Fun with Customer Service, and I Mean That Sarcastically

The customer might not always be right, but at least give him or her a chance to be wrong.

Infinite Target Registers

Photo by Patrick Hoesly

1. My mom was wrestling with a baby registry at a popular superstore:

An employee was walking through the department. Mom asked, “Can you help me?”

Employee: “I’m busy right now.”

“Can you page someone to help me?”

“Is it an emergency?”

Mom said, “Never mind.” She looked around without success, and gave up. On her way out of the store, she stopped at the service desk and shared that exchange. The employee said, “I’m sorry.” Pause. Mom said, “OK, I just wanted to let you know.”

2. My husband and I overestimated our ability to take the heat at a local restaurant:

Manager: “How do you like it?”

Me: “It’s spicy.”

Manager: “Not too spicy, right?”

Doug: “Too spicy for me.”

The manager smiled and backed away from the table.

3. I had to take my dog to the vet for a follow-up:

The next day I got a postcard from the clinic that said my dog was due for a shot. Wouldn’t it be great if the software had alerts, or the employees manually check a field every time you’re standing in front of them?

They’ll say, “Oh, by the way, she’s due for a Bordetella shot, so let’s do that, too.”

You’ll say, “Wow, you’re making it very convenient for me. Thank you!” and we all live happily ever after.

So when I called, after making the appointment, I said, “Can I offer some feedback?”

The defensiveness in her voice came through loud and clear: “About what?”

All these experiences were, in a word, poor. The first one in particular makes me very sad, because I LOVE that store. Sigh.

I did a lot of time in restaurants and retail, and was trained that the customer is always right. My husband works in the hospitality industry, and it wasn’t until he gave me some examples of guests trying to work the system in some very shady ways that I realized that’s not always the case. However, the customer ALWAYS deserves respect, and you have to hear them out. Yes, they might be in weasel mode. But you have to start from a positive place.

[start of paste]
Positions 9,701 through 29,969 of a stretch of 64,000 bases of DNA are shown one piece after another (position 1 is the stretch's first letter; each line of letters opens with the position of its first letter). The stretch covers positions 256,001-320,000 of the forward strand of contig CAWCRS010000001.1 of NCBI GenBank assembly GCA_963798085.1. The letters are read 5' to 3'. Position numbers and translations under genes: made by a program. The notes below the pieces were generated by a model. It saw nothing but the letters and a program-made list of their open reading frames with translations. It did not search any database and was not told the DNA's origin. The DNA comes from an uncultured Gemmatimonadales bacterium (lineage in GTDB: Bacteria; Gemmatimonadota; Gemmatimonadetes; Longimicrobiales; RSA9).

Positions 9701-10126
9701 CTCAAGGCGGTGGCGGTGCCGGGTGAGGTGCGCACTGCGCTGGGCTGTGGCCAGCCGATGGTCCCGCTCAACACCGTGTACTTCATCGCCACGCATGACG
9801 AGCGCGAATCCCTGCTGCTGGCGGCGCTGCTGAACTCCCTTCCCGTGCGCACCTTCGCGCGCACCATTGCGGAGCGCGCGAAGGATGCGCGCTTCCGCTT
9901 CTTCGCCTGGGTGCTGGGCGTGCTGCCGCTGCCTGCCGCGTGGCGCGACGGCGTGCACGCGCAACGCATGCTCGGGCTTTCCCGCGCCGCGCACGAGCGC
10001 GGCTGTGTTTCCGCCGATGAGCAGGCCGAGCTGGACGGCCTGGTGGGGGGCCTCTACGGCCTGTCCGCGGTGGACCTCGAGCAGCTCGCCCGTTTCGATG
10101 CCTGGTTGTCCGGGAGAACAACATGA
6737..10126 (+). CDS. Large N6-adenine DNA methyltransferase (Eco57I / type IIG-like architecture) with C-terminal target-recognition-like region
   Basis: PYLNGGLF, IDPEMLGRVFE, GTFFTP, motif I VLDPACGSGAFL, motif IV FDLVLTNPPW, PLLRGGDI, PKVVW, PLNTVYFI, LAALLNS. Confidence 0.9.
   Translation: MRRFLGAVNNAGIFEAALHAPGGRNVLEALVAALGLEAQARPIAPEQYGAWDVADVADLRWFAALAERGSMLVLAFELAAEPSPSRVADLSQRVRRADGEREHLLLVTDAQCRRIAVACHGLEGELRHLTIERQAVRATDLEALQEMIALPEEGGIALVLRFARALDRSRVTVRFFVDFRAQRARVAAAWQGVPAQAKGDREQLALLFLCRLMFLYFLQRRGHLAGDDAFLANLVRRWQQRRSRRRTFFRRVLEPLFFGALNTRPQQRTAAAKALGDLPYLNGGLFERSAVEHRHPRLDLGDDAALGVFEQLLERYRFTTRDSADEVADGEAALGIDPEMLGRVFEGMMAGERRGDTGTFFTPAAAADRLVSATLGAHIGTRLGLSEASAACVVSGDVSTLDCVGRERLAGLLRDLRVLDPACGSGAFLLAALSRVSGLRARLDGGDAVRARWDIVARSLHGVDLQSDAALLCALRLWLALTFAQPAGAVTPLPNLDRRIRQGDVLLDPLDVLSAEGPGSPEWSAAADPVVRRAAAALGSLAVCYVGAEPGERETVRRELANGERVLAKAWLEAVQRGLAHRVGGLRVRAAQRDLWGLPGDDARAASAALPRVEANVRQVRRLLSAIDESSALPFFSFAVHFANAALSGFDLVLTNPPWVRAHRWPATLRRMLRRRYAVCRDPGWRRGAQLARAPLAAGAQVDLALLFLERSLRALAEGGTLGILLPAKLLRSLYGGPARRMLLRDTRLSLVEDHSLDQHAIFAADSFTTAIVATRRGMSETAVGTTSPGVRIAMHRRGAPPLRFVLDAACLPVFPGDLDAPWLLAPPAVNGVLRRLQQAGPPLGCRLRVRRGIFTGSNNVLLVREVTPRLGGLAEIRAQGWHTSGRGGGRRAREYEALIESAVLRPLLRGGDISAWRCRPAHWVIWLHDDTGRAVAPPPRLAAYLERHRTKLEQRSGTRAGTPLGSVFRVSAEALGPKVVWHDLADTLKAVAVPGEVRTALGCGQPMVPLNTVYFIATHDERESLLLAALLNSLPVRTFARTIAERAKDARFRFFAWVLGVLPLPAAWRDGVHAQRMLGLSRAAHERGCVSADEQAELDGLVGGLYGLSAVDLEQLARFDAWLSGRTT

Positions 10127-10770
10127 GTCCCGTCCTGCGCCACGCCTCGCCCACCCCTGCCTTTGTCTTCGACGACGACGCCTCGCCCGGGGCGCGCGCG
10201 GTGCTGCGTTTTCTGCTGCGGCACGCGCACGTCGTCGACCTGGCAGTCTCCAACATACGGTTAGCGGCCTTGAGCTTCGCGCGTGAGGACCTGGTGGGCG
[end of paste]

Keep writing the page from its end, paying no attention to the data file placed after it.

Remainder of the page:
Even if the pace is between frazzled and crazed in my office, when the phone rings, I will take a minute to take a deep breath and go into calm mode before I answer. And I smile. You can hear it through the phone! It helps me focus on the call.

I’m not saying that you need to give your customers a free dinner or hold their hand every time they come in the store. We all get so busy and distracted, it’s worth taking a minute to remember how awesome it was when that employee you encountered greeted you so warmly and was very focused on helping you. We CAN do that.

What’s your customer service story? Whether it’s a plus or minus, I’d like to hear it!

P.S. The customer isn’t always right, but you don’t have to go totally insane about it, Samy and Amy! See:

The most epic brand meltdown on Facebook ever


  1. Andrea Elkins says:

    Customer service has been a huge topic of conversation among friends and family lately. You’re so right – the really good ones bring us back to purchase again and again!

    Now for the lighter side: I spend hours on this site and its sister sites:

  2. Andrea! You cannot introduce me to more internet crack! I had enough trouble resisting the Atari Breakout on Google yesterday! Also, thank you for your comment.

  3. Hi Jen,

    Thanks for sharing the smile post! There seems to be a common theme through your three examples: defensiveness. Employees trained, or conditioned, to see the customer in an adversarial role — at customers that are voicing negative feedback.

    I think it all starts with leadership and culture. Of course, the execution is more complex, but organizations have to start from a place of serving the customer — everything else follows from there.

    • Hi Adam,

      Thank you for weighing in. I fully believe that most of the time employees are approached, it’s because a customer is complaining about something, so I understand how that negativity starts. I think you’re right, though: If the management can establish a culture where the employees believe they have a good product and want to do the right thing, the company is going to get through those rough spots with flying colors. And probably move the customer from someone who’s upset to someone who’s a fan.

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